Puppies and kittens might be a cute idea, but many people often forget the ongoing costs associated with owning a pet (e.g. food and veterinary bills) and the amount of care one needs.

Instead, the Montreal SPCA suggests giving an “adoption package” by gifting a stuffed animal in a box, a leash, a collar, food, treats or toys. Then should the person be interested and willing to go through with an adoption, they can make an event of visiting the shelter to find their future furry family member.

Story continues below advertisement

According to a 2013 poll done by British retailer Elliott Rose, 500 surveyed Brits were able to break down what gifts they considered to be the worst to receive at Christmas, as reported by Bedfordshire News.

  1. Unattractive socks (29 per cent)
  2. Cheap perfume (23 per cent)
  3. Personalized hankies (nine per cent)
  4. Executive stress toys (eight per cent)
  5. Household gadgets (eight per cent)
  6. Fitness equipment (six per cent)
  7. Gift cards for a shop (six per cent)
  8. Adopt an animal (five per cent)
  9. House plants (four per cent)
  10. A hangover (two per cent)

Bad Christmas gifts (according to the internet)

grinch

While many can understand the true meaning of Christmas, we still can’t help but cringe at some of the gifts we receive. Yes, the well-intentions are there, but sometimes the presents we get can be so trivial that it’s often hard to wrap our heads around.

Story continues below advertisement

But thanks to websites like WhyDidYouBuyMeThat.com, victims of bad gifts have a place to vent.

The website’s motto: “It’s not that I’m ungrateful. It’s just that this gift was really, really bad.”

Home drug tests, adult toys, warped knick-knacks, and outdated clothing are just some of the items people received that they’ve shared online.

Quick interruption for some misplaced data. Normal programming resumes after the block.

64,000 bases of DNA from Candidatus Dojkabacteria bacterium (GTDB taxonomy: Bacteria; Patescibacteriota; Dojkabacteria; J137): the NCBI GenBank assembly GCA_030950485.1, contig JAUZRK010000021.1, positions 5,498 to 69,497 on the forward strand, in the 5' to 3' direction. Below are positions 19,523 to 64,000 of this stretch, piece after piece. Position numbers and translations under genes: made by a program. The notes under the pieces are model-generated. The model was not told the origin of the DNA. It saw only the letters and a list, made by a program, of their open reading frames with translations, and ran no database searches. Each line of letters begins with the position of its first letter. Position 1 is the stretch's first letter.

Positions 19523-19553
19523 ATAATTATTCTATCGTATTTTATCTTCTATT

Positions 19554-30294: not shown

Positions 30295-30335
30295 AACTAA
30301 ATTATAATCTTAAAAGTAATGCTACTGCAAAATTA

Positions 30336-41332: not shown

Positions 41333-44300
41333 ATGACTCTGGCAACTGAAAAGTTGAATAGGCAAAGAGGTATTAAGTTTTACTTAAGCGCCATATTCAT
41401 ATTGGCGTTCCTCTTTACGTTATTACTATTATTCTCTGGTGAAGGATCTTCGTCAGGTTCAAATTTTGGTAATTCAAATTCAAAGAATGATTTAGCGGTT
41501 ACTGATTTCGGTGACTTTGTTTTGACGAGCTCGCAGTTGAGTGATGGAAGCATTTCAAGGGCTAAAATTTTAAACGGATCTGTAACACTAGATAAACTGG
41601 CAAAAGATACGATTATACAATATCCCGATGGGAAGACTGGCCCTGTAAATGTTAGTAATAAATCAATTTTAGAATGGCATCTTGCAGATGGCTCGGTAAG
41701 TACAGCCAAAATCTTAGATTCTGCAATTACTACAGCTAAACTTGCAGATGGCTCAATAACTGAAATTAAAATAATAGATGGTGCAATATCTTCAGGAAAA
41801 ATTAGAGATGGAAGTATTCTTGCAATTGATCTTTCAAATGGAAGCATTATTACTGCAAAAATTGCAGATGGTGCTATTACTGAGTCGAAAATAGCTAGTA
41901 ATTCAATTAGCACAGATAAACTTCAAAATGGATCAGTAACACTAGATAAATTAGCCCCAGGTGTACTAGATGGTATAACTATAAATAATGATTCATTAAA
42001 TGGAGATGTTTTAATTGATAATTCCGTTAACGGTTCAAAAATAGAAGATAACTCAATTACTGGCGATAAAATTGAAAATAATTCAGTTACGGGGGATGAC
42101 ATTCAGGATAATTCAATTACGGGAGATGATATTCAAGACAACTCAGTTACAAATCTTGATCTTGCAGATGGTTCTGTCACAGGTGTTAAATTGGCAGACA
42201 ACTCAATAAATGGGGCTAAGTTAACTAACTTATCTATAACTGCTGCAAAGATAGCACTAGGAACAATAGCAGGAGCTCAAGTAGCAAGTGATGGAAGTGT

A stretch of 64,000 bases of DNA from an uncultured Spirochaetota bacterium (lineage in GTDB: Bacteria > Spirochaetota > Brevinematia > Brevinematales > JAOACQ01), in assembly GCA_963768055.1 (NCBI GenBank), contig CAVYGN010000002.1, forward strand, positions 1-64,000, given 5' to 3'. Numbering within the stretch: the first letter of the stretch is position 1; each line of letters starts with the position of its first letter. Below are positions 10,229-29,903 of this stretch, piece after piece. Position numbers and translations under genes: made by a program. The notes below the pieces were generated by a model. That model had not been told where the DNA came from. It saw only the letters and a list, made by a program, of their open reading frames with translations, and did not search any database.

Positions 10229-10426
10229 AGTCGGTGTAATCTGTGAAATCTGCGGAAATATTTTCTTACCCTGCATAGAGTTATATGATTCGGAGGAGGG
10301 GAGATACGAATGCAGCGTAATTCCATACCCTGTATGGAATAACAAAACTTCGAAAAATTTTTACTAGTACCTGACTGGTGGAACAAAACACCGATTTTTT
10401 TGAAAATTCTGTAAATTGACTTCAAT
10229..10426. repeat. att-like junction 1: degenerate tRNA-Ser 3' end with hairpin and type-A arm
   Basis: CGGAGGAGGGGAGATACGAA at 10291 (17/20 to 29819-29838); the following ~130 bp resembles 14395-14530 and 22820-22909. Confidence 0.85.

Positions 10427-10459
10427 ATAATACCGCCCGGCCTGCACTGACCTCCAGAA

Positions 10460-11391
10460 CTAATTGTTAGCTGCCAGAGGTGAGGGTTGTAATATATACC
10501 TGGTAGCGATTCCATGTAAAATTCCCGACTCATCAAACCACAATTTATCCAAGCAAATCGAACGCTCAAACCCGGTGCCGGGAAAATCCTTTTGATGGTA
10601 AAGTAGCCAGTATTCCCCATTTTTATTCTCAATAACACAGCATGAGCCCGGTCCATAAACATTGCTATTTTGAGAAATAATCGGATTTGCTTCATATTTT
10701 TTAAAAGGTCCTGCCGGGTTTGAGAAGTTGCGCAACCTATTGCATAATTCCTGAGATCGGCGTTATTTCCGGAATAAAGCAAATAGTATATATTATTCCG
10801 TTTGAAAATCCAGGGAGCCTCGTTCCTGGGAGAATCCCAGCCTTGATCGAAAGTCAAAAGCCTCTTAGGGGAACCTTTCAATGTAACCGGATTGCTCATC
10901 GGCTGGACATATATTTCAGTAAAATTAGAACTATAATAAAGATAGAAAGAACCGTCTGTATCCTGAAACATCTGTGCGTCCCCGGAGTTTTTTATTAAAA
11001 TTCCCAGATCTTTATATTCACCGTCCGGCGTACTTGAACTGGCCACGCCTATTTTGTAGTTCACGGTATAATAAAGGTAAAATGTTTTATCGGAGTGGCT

Gifts you can’t go wrong with

joey

Now let’s say you’re the quirky gift giver. If you don’t want your present to end up on the island of misfit toys or re-gifted to you next year, then stick with what you know.

If you want to put a spin on your gift exchange, Cleveland recommends trying a donation to the gift receiver’s favourite cause.

Story continues below advertisement

“Supporting causes that mean something is huge and highly underrated,” she says. “I think there’s a fatigue around the commercialization during the holidays, even more so now that Canada has its own Black Friday… I think giving to causes is a really nice answer to that.”

You also can’t go wrong with gifts that offer experiences, says Cleveland. This could mean a gift certificate to restaurant or a spa, for example.

If you’re truly stuck and you’re out of ideas, websites like Gifts.com can help you find the perfect gift based on the recipient’s personality type.

Does this website work? Let’s just say this journalist was happy with the selections recommended based on my personality type.

Even if you don’t want to buy the exact product on the website, at least it will help give you a better idea of what to search for, making it (at least) a great starting point.

Story continues below advertisement